The candidates for student body president stood in front of about 20 students to discuss their campaigns’ focus. The debate, held at the MLK Plaza Monday night allowed the candidates to present several issues.
All of the ticket campaigns chose parking as an issue, but other issues, such as diversity, safety, student involvement, money allocation, Bright Future preservation and tuition stability, were issues that the campaigns said were important and vital to the USF students.
Mike Berman and Ronda Bostick, who spoke first, said “Leadership through Diversity” and “Got Issues?” (after the “Got Milk?” ad) were their slogans for their campaign.
“Two major focuses (of our campaign) are Cultural Spotlight, which means we will pair up with student organizations that already have programs going on to better the organization as well as their tie to Student Government organization,” said Bostick, a vice presidential candidate. “We are also looking at diversity dialogue where leaders of these organizations will be able to come together once a month and talk about the issues and keep open the lines of communication between the organizations so that we don’t have discrepancies of organizations between ourselves on our campus.”
Presidential candidate Berman said the problems with parking for residents was an important issue for their campaign.
“It takes way too long to get that garage built, and we know that the residents are having problems with parking as well,” said Berman. “We would like to see another two floors of Crescent Hill garage be dedicated to resident students immediately after the new garage is complete. We would also like to see Lots 16 and 35 be expanded. They’ve got plenty of land around them, and there’s no reason why they can’t make some use of that as soon as possible.”
Following the Berman-Bostick ticket, the R. Chase Razabdovski and Jorge Rodriguez also said parking was an issue. They added some other issues such as listening to the concerns of students, maintaining Florida Bright Futures Scholarship and a few other academic concerns.
“Instead of focusing on problems and issues we choose, we believe that USF has concerns and a bright future,” said presidential candidate Rozabdovski. “Our campaign team has decided that we will support any continuation of this program any way possible at any expense to the university, or to the state.
“We have issues on Bright Futures, the grading system, tuition increases, USF parking and researching the USF bookstore. I’d like us all to remember, this is about representing the students.”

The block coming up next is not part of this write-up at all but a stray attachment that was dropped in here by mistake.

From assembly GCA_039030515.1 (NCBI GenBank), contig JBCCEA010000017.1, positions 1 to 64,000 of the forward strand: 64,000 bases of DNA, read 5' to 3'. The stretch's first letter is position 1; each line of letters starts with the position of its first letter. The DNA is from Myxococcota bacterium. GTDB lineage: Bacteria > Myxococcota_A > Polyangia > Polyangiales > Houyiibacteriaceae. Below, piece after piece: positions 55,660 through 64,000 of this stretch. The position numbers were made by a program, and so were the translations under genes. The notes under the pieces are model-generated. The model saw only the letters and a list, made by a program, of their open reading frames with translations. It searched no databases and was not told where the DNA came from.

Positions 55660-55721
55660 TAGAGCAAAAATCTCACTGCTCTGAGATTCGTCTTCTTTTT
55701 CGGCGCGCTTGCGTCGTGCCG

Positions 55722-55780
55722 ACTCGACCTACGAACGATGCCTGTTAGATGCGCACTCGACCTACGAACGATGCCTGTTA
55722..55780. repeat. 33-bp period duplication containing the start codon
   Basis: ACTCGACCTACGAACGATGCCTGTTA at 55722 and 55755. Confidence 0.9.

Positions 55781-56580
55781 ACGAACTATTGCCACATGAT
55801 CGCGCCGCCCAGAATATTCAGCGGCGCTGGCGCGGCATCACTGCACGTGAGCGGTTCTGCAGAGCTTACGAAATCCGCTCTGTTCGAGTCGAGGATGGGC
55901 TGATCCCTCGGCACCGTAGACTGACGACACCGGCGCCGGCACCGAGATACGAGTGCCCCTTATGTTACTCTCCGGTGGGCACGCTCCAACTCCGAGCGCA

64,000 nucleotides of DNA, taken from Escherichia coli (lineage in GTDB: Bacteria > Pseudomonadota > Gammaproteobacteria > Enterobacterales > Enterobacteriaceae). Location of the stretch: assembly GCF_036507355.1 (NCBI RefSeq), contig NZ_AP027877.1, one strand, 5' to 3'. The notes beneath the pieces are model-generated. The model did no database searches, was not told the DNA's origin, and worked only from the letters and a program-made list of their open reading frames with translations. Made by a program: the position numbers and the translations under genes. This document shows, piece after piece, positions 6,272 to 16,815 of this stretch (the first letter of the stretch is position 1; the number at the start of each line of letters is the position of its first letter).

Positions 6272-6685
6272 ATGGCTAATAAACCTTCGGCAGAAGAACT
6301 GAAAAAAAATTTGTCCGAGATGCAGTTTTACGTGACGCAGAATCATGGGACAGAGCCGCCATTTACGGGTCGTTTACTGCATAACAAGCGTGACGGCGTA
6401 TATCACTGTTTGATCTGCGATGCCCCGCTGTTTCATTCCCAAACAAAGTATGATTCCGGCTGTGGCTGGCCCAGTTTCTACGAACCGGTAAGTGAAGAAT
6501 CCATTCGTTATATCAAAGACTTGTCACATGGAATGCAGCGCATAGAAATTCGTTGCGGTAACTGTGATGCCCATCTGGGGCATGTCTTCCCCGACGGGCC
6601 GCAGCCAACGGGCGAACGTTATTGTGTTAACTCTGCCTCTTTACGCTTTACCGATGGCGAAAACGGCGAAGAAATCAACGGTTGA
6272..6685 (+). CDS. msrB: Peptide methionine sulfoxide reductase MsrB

Vice presidential candidate Rodriguez said their ticket’s intention is to listen to the students.
“We are here because the university has a lot of concerns,” said Rodriguez. “We are here to listen to you. We understand some things are out of our reach, but we will do everything we can do.”
The Omar Khan and Ryan Morris ticket introduced themselves with the credentials of Khan.
The presidential candidate is a senior majoring in political science, a third year resident assistant and just returned from Washington D.C. where he worked for U.S. Representative Nancy Paloci, who is a minority leader of the House.
His running mate, Ryan Morris, followed by admitting his lack of governmental experience, but highlighting his concern for the lack of spirit that USF has.
“In our last presidential election, 1,500 out of 37,000 students voted. There’s got to be something wrong with that, and I think it goes hand-in-hand with motivation and school spirit on campus. Why is it when I look around, like in my residence hall parking lot, do I see Florida State and University of Florida tags? If I go to Florida State, I don’t see USF tags, so what’s the problem? How come people aren’t motivated? We have issues to bring to the table … we want to improve parking on campus, we want to do things to save Bright Futures, fight excessive tuition increase and improve student involvement on campus, better representation of the students and better awareness of what goes on here on campus.”
The Bijal Chhadua and Candice Wild ticket also promoted student involvement as a part of their campaign’s intentions. Presidential candidate Bijal Chhadua said he agreed with the voting problems on our campus.
“I am a sophomore. I started at USF last summer, and right now I am a resident assistant at USF for Delta Hall and I am a part of the ROTC Army Program,” Chhadua said. “We want to get more students involved on campus. That is one of our main issues. Like Omar and Ryan said, last year we had only 1,500 votes out of 39,000 population of the entire USF, but within the Tampa campus we are talking more like 29,000 students. We have some wonderful programs on campus, and we just want to go out and get students involved. Some of the ways we are going to do that is to have a newsletter which can go out to all the USF students every day.”
Vice presidential candidate Wild said one of the problems with the lack of involvement is the lack of communication. She said students should spread the word about activities on campus to get people involved. She also said it is important for the students to know how their money is allocated.
“One of the problems we have on campus is word-of-mouth,” Wild said. “We need people to know about Student Government. We want people to know where their money is going. We want you as students, who are paying thousands and thousands of dollars to this university, to know where that money is.”